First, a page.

Heidelcast 164: As It Was In The Days Of Noah (10): Living Graciously In Light Of Grace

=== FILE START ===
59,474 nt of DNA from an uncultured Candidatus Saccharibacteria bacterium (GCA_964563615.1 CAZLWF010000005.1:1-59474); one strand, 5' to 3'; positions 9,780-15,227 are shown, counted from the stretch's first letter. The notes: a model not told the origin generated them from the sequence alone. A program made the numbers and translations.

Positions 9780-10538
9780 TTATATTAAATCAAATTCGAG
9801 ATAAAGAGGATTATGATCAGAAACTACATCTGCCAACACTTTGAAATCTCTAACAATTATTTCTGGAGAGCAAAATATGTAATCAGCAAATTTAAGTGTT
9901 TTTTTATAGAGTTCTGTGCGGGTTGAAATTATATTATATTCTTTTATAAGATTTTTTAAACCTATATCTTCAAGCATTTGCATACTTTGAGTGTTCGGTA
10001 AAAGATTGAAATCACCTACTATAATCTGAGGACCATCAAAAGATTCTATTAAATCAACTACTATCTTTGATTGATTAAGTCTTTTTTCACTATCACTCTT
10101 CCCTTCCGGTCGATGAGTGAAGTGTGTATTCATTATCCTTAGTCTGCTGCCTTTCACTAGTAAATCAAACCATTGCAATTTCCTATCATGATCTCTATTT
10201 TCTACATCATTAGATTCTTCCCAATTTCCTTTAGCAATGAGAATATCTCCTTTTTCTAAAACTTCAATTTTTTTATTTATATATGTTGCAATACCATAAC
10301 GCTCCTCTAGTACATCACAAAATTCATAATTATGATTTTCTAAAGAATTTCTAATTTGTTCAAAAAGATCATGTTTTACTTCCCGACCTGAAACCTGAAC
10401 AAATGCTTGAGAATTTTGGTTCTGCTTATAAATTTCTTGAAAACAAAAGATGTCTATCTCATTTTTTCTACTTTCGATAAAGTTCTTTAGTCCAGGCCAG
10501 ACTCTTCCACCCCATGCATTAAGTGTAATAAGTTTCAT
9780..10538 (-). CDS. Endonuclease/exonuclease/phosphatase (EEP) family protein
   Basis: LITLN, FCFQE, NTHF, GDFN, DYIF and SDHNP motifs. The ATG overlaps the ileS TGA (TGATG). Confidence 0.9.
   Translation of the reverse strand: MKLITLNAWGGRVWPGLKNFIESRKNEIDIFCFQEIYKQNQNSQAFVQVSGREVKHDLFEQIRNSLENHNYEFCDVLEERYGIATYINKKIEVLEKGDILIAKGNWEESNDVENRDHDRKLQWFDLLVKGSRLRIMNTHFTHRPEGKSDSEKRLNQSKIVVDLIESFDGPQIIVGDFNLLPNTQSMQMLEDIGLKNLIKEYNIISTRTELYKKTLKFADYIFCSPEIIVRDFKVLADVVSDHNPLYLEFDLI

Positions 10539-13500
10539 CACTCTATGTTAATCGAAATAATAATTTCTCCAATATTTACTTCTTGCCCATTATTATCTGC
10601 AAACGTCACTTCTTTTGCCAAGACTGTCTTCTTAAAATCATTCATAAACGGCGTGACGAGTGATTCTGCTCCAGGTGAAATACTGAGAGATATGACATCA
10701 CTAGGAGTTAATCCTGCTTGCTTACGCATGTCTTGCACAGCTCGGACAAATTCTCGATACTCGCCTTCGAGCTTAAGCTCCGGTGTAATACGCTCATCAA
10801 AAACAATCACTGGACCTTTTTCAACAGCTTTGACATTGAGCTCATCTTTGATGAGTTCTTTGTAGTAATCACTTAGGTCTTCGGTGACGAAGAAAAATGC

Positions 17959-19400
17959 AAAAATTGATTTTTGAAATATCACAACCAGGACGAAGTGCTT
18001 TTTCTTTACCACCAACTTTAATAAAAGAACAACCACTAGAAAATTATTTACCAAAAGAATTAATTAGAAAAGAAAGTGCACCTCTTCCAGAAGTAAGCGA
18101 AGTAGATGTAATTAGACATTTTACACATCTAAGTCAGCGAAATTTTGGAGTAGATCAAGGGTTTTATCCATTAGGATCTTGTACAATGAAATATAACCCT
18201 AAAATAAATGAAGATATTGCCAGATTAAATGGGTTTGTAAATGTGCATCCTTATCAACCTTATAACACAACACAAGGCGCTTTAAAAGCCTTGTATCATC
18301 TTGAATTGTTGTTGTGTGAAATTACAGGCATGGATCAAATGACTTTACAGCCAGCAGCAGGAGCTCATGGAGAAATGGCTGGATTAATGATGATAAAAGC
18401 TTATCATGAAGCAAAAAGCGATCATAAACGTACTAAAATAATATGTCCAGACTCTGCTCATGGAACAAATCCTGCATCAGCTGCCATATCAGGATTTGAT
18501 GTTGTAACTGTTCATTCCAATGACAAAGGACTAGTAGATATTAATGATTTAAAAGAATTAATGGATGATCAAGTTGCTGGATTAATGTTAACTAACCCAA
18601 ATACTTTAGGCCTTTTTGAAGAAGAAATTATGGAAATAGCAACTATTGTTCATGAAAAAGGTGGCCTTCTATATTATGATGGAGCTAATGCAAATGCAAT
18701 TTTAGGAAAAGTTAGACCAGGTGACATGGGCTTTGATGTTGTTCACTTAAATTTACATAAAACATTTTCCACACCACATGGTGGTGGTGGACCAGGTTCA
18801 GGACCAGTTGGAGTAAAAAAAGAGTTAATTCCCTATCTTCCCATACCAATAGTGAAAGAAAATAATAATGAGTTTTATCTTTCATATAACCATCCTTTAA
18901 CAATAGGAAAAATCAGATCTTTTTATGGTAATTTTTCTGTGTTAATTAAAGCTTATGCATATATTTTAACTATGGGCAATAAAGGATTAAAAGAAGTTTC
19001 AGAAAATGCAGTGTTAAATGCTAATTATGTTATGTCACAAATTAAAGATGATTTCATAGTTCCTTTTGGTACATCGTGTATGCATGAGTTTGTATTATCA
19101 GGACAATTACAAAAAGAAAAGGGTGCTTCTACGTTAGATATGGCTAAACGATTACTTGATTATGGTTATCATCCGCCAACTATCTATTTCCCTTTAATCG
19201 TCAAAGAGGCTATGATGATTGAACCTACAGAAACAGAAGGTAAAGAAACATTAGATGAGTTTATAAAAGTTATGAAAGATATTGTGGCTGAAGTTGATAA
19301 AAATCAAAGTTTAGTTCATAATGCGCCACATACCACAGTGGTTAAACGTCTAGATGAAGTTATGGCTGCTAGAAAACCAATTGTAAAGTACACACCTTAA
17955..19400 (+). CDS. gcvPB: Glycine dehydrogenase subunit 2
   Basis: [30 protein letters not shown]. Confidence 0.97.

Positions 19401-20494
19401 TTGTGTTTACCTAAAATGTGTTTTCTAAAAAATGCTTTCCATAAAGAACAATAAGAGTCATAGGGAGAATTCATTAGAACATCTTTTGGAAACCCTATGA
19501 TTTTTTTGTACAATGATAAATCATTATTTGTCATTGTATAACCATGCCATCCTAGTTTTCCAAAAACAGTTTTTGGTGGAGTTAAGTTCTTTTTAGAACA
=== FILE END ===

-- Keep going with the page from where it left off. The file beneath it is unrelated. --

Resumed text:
Travel broadens our horizons. It helps us to see that this is a great big world filled with an amazing variety of people, cultures, and wonders. In that way, traveling can even be transformative. When we return home we we are not quite what we were when we left. An especially long journey teaches us what is truly important. In the desert, if we must choose between water and a Rolex watch, the choice is easy. The Israelites learned (or should have learned) this lesson repeatedly in their desert pilgrimage between Sinai and Canaan. They ate the Passover in haste as a reminder that the desert is not their home. They were not to settle in it. They were to be mindful that they were on their way to another city. Those who believed understood that, indeed, the city to which they were traveling would not ultimately be found in Canaan (Gal 4; Heb 11:16; 12:22). Just as Abraham saw through the types and shadows that Christ was coming (John 8:56), so too the believers among the Israelites knew that they were traveling to a heavenly city. They knew that the purpose of the journey was, in part, to prepare them for their new and final home.


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